In 1949, Doris Day played a single mother with a great voice with dreams of making it big in Hollywood. While their dream is different, the Bethel School Board and Community Health Care (CHC) both want the best for our families and community. Their shared dream is to increase access to health services for students in our district. This fall, the CHC will open a clinic at Bethel Middle School to provide access to healthcare for our students. Another clinic at Spanaway Middle School is planned for next year.
A science whiz, lasers and Val Kilmer — science has changed a lot since the 1980s, and the National Math and Science Initiative (NMSI) is coming to Bethel, Graham-Kapowsin and Spanaway Lake high schools this fall to help our students challenge themselves and succeed in science and math.
Other districts have seen enormous improvement through their partnerships with NMSI. “The whole goal is to prepare all of our students for higher level, more challenging classes,” said Dr. Jennifer Bethman, Assistant Superintendent of Secondary Education.
The Right Stuff
In The Right Stuff, we witnessed the struggles and successes of the Mercury 7 astronauts. Our students have seen their own share of struggles with the state’s Core 24 graduation requirements now in place. This fall, new trimester schedules are debuting in our high schools and students will have more opportunities to explore their interests outside of the state’s required 24 credits needed to graduate. Because of this, we are increasing the number of CTE offerings at our high schools. This year a new drone piloting class kicked off at Spanaway Lake High School with 45 students enrolled. Next year, a new drone engineering class already has 230 students signed up across the district.
Student interest in our high school engineering programs is also booming districtwide, with enrollment numbers more than doubling at Graham-Kapowsin (from 75 to 190) and Spanaway Lake (from 70 to 170). Bethel High also increased from 116 to 130.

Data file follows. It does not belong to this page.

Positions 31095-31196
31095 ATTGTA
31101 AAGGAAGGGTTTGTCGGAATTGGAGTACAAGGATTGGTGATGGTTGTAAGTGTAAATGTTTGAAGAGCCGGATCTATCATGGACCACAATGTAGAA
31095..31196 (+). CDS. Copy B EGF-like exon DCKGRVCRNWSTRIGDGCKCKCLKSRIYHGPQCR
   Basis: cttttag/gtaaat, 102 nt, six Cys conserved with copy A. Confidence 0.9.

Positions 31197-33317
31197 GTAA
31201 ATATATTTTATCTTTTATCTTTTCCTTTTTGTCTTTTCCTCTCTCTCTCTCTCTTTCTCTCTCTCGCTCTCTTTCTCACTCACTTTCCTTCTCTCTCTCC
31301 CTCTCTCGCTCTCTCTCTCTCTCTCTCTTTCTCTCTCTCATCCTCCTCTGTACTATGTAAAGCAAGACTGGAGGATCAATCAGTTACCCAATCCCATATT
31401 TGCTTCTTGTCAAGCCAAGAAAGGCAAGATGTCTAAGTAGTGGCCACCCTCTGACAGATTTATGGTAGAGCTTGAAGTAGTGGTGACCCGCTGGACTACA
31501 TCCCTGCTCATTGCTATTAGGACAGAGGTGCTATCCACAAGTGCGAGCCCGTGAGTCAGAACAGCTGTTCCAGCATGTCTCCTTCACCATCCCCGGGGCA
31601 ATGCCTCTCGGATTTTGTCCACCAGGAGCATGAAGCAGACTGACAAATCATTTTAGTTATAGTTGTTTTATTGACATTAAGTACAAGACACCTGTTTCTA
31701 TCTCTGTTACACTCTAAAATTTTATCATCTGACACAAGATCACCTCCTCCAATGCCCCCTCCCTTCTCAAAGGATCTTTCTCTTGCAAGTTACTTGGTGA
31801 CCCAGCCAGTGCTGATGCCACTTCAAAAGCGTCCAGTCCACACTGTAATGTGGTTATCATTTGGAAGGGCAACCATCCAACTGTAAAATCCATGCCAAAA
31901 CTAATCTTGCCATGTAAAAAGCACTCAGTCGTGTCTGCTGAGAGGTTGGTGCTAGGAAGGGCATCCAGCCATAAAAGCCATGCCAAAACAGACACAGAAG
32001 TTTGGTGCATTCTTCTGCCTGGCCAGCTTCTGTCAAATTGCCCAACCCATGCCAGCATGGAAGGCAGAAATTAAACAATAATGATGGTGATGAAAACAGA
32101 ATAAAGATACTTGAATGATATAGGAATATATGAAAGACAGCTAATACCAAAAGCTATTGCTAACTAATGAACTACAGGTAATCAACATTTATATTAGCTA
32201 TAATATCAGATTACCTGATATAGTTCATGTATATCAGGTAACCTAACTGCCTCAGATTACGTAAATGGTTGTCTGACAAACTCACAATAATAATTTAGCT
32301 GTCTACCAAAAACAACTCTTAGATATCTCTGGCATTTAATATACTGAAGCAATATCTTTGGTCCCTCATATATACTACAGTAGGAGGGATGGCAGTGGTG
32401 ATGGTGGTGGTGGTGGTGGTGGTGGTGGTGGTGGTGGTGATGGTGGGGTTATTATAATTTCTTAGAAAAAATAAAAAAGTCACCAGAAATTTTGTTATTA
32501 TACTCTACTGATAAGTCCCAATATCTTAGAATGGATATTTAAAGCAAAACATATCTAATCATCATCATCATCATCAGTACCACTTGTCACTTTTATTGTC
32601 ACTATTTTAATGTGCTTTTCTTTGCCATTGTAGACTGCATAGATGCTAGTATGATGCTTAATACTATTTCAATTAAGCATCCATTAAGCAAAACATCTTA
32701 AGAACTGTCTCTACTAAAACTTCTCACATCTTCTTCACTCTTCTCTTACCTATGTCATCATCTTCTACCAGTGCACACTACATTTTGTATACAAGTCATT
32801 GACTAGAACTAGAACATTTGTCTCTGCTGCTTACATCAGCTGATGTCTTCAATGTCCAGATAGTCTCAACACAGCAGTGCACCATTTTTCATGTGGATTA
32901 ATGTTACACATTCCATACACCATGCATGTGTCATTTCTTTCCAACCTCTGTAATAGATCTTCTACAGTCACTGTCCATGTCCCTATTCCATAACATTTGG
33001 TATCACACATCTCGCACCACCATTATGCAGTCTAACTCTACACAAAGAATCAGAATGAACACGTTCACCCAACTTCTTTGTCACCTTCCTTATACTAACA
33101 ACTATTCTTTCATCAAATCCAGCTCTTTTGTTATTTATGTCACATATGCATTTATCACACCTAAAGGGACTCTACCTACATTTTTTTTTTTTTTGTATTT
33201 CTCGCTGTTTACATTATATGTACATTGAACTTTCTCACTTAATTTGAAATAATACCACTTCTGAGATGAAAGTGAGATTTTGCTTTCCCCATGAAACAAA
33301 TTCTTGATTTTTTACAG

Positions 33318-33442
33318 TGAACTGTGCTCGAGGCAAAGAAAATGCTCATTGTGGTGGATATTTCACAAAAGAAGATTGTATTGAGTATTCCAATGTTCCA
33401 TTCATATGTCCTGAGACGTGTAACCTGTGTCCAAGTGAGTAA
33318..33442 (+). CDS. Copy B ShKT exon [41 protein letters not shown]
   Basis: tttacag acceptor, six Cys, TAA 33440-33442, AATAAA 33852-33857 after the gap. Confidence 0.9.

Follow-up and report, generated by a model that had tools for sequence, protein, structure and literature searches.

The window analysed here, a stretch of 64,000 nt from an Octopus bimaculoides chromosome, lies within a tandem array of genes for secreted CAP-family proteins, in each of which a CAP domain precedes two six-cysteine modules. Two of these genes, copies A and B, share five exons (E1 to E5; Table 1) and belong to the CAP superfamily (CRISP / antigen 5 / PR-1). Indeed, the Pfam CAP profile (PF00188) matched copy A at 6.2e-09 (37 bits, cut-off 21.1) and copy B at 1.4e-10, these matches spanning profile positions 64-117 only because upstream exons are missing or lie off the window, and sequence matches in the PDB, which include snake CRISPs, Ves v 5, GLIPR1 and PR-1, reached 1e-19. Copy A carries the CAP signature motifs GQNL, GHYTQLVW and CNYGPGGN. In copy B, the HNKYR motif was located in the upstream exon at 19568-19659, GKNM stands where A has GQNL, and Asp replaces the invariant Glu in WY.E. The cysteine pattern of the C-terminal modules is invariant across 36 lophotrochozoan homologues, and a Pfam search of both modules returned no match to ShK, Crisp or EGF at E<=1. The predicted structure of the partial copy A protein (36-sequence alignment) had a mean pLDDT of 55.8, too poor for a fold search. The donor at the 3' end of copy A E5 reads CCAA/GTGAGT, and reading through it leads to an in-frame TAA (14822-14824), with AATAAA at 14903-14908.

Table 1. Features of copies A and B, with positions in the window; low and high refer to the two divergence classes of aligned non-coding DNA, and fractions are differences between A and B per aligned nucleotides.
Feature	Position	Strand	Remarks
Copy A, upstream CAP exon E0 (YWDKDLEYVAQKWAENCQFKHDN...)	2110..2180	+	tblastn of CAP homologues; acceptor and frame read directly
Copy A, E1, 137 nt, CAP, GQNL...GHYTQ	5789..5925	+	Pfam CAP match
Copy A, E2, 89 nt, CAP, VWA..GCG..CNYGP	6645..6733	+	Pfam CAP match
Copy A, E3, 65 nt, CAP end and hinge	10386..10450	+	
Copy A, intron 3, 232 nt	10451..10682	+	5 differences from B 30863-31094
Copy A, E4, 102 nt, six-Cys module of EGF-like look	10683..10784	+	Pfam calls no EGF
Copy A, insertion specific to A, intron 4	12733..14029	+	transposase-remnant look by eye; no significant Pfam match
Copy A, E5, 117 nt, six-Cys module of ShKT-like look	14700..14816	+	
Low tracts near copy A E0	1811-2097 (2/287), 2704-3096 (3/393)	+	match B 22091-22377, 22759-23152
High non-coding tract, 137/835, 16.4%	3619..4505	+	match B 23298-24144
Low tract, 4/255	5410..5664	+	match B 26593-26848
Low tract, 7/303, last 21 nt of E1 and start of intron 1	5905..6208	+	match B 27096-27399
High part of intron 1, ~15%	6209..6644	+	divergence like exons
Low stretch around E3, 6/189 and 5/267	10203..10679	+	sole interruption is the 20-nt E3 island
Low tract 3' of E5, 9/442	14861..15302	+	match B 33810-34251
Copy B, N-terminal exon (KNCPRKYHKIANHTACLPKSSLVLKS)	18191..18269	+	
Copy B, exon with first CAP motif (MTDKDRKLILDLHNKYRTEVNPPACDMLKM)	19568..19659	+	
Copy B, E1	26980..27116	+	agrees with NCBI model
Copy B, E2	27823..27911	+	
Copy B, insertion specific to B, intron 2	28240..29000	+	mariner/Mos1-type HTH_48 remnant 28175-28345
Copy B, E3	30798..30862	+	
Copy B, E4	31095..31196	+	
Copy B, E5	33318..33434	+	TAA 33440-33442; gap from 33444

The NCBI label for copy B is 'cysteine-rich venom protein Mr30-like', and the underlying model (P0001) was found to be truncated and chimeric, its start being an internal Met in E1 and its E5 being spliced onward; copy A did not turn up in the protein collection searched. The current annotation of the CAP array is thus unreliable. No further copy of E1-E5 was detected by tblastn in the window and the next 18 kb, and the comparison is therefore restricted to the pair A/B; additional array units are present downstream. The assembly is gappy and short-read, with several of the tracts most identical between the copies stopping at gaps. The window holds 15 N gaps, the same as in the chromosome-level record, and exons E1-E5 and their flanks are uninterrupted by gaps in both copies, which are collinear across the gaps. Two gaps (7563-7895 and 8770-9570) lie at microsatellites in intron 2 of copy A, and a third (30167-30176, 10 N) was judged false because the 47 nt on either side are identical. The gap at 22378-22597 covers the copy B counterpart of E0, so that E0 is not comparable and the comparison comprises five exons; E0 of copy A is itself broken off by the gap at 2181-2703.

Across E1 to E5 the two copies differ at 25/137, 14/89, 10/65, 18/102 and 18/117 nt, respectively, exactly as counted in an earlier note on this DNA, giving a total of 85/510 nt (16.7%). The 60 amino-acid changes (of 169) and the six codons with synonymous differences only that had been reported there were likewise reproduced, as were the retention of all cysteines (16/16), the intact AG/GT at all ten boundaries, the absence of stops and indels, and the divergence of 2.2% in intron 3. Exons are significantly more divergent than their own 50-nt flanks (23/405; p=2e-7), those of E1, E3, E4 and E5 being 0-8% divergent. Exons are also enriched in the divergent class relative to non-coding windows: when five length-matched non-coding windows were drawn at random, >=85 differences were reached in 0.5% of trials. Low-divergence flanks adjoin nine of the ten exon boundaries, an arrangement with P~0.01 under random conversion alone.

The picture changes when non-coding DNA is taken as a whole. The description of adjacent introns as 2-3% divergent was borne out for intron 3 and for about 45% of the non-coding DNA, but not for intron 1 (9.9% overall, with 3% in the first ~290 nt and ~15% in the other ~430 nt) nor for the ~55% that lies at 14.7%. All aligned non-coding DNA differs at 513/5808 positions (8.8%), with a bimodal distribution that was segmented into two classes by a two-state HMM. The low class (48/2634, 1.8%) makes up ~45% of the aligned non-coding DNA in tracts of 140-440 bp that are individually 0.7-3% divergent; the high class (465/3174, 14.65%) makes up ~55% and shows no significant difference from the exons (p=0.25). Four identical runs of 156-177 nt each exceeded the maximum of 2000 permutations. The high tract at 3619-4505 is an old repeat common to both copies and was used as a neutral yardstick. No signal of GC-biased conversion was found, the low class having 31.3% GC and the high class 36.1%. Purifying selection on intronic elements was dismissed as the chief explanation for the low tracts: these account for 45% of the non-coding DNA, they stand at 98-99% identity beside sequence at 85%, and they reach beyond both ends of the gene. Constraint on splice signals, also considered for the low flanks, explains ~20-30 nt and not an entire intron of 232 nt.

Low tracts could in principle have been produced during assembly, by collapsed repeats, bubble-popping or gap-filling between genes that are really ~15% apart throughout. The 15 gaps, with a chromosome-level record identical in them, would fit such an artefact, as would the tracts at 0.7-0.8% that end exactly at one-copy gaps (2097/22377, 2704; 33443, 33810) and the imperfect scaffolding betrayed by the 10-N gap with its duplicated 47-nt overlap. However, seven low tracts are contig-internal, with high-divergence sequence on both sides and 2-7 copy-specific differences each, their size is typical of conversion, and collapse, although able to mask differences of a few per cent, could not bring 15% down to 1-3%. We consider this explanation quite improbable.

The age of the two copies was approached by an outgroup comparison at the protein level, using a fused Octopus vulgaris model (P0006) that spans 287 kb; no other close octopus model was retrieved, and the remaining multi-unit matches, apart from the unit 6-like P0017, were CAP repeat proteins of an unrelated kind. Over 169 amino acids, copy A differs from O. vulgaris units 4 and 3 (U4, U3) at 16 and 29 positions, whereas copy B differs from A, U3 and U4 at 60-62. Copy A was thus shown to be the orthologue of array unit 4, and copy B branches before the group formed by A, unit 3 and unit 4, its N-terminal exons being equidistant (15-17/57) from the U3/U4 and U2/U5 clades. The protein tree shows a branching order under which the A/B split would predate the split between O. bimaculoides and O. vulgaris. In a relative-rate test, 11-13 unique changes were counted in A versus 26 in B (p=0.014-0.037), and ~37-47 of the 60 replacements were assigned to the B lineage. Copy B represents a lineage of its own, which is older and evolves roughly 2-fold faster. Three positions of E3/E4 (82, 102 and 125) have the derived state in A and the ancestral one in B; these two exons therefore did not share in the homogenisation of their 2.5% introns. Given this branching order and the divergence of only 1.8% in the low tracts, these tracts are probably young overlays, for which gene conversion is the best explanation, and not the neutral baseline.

“That’s the fact, Jack!”
Being located so close to Joint Base Lewis McChord, we have a significant population of students who are part of military families. That’s why we have Military and Family Life Counselors in just about every school in our district. For students, these counselors can be a great source of help during tough times.
“Oftentimes those are our students who are transitioning a lot and their parents are gone for extended periods of time,” said Dr. Jennifer Bethman, Assistant Superintendent of Secondary Education. “To have that support in our building is really helpful.”
Using lightning and a computer, two teenagers in 1985 changed their lives with one experiment. While experiments in school today might not end the way the movie does, every student is required to take one biology class and two other science courses. Then, depending on their graduation year, students must pass a Washington state biology test in order to graduate.
Under the new state standards, every student will need to pass the more comprehensive Washington Comprehensive Assessment of Science (WCAS) test at the end of their junior year in order to graduate.
“Because it’s a more comprehensive test, because it’s at the end of their junior year, because it’s a graduation requirement, we need to have some guarantees that kids are learning certain things during their freshman, sophomore and junior years,” said Loren Willson, Bethel’s Director of Secondary Teaching and Learning.
In order to make the transition as orderly and painless as possible, the district put together a Science Course Sequence Committee to help create the most effective roadmap to get students where they need to be by graduation.
In Wonder, 5th grader Auggie faces more difficulties than most searching for acceptance. With 20,000 students in our district, we are making sure our staff are equipped to facilitate equitable interactions with all students, no mater their struggles or backgrounds.
Our Equity teams, which include 5–9 staff members in each building, are meeting monthly to analyze data, identify problems and solutions, and look for ways to view every aspect of their jobs through an “equity lens.”
Equity teams have already been convened at nine Bethel schools. Nine more teams will be created next year, with the final nine teams being formed the following year.
“Equity is not an event, program or initiative — it’s a belief, a mindset,” said Deb Carlman, Bethel’s Director of Equity and Achievement.